For many years, the Block Center has emphasized the nutritional and clinical benefits of eating a diet which is low in total fats (particularly cutting unhealthy fats) yet high in vegetables, whole unprocessed grains, and fruits — a complete food plan based on our continual evaluation of the science. Now, a new and convincing study confirms the actual survival benefits of these recommendations for breast cancer patients.
Important evidence was found in this recent, very large study exploring prevention of breast cancer. It involved 48,835 women, aged 50 to 79, whose daily dietary patterns averaged 32% of total calories from fat. The researchers randomized these women either to a control group that continued their usual eating pattern, or to a low-fat group who were counseled to reduce their fat intake by increasing consumption of vegetables, fruits and whole grains. The specific aim was to help the intervention group to decrease their total fat intake to 20% and to incorporate 5 servings of vegetables and fruits as well as 6 servings of whole grains. The women were monitored for approximately the next 20 years to calculate deaths from breast cancer.
During follow-up, 3,374 cases of breast cancer were diagnosed. Significantly, women in the low-fat diet group had a 21% lower risk of death from breast cancer than women in the control group who did not modify their diet. Moreover, they were also 15% less likely to die from any cause.
Of course, it’s not simple to pinpoint precisely which components of the intervention contributed to the results. Interestingly, most women did not succeed in decreasing their fat consumption to 20%; in fact, the average was about 25%. Cutting fat intake was primarily due to reducing dairy and meat eating. Another finding: Women in the low-fat group succeeded in losing approximately 3% of their body weight — while the control group did not — but interestingly, the weight loss did not affect the risk of death.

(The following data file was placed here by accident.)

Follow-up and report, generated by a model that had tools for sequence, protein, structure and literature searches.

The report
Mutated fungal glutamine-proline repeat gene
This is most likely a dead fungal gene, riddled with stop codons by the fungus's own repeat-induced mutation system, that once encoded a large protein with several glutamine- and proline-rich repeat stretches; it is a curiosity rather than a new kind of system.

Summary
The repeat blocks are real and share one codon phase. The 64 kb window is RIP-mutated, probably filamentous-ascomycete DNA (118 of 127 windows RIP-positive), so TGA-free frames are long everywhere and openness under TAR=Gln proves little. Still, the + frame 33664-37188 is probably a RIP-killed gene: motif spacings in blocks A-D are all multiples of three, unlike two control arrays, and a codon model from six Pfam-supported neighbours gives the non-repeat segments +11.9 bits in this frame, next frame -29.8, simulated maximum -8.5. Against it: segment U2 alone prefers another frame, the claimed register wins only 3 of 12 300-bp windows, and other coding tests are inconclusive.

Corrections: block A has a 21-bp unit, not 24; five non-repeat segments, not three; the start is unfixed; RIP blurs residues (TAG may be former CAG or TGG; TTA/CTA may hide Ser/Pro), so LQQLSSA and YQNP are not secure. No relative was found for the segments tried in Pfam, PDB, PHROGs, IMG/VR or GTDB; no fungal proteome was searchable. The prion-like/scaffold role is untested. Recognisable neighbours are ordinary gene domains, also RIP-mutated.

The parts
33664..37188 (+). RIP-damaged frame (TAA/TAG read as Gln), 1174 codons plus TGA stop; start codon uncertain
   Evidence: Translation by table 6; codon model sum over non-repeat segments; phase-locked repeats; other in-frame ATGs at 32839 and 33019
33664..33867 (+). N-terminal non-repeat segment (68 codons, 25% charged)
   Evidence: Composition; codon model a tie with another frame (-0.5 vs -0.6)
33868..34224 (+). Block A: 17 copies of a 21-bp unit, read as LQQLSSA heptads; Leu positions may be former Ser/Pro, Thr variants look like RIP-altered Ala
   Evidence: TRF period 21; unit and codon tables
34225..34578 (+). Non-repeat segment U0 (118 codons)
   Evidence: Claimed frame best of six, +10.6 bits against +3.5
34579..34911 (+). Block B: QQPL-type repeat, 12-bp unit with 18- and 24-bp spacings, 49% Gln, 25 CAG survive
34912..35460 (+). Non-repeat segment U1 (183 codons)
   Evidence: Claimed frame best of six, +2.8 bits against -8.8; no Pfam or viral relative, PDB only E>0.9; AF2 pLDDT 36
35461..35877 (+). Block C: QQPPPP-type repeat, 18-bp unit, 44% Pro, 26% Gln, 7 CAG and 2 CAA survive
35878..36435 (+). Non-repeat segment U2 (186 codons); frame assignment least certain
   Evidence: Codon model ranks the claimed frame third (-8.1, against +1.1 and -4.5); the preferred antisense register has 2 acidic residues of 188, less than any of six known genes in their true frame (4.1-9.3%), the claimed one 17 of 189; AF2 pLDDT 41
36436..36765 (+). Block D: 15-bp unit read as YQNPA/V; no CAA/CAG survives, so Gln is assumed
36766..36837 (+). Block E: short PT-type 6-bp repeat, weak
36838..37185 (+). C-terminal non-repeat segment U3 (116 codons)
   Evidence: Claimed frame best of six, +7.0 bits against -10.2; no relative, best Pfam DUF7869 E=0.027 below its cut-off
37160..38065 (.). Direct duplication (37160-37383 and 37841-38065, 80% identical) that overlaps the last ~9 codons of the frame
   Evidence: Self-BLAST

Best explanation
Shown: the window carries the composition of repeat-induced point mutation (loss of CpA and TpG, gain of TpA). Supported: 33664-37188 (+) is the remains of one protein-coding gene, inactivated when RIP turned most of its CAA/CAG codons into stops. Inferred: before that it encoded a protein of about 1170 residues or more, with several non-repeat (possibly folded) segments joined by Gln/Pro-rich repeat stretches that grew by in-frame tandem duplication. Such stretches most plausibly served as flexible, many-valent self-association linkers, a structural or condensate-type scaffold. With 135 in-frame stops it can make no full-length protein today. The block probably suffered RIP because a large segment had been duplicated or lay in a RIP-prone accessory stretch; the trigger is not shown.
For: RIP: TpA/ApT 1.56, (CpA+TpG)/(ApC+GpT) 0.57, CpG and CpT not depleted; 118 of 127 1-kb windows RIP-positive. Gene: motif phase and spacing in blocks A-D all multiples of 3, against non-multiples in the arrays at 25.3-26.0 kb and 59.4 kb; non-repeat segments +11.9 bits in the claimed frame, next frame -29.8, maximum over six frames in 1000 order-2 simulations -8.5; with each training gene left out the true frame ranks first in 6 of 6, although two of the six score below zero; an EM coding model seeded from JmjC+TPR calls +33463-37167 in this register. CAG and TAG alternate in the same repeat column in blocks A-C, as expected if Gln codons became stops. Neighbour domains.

The study’s lead author, Dr. Rowan Chlebowski, attributes the effectiveness of the intervention to the overall dietary modification, not to any single component. We’d agree with him on this – our consistent position has been that it is a total dietary pattern that can produce true healthful changes. Moreover, since cancer develops as a very complex disease — effected and altered by multiple interconnected factors – thus to potentially limit the growth of a malignant disease requires a comprehensive, multi-targeted intervention. And a healthy diet is a key component of an multi-factored, systematic approach to cancer. So, yes — we’re very enthused to see this strong confirmation of real survival benefits with a healthy low-fat diet.
An essential point: A large experimental study of a complete regimen cannot reveal the fundamental need for tailoring each person’s dietary program as well as the other components in a comprehensive health system. Yet, individualizing is one of our basic principles at the Block Center. Adjustments are always necessary. For instance, a healthful low-fat diet is certainly beneficial for breast cancer patients. But sometimes we appropriately recommend diets higher in healthy fats for patients with certain cancers that can result in significant weight loss, such as pancreatic or lung cancer. Thus, among all of our patients — including those with a breast cancer diagnosis — we carefully modify dietary recommendations to address problems of chronic inflammation or elevated blood sugar levels when found in lab testing.
If you’re interested in exploring the benefits of dietary modifications for your cancer, contact the Block Center to speak with our dietitians and other integrative medical staff. With nearly 40 years of experience in treating and counseling cancer patients, we offer an unparalleled depth of understanding of cancer and focus on individual needs of each patient.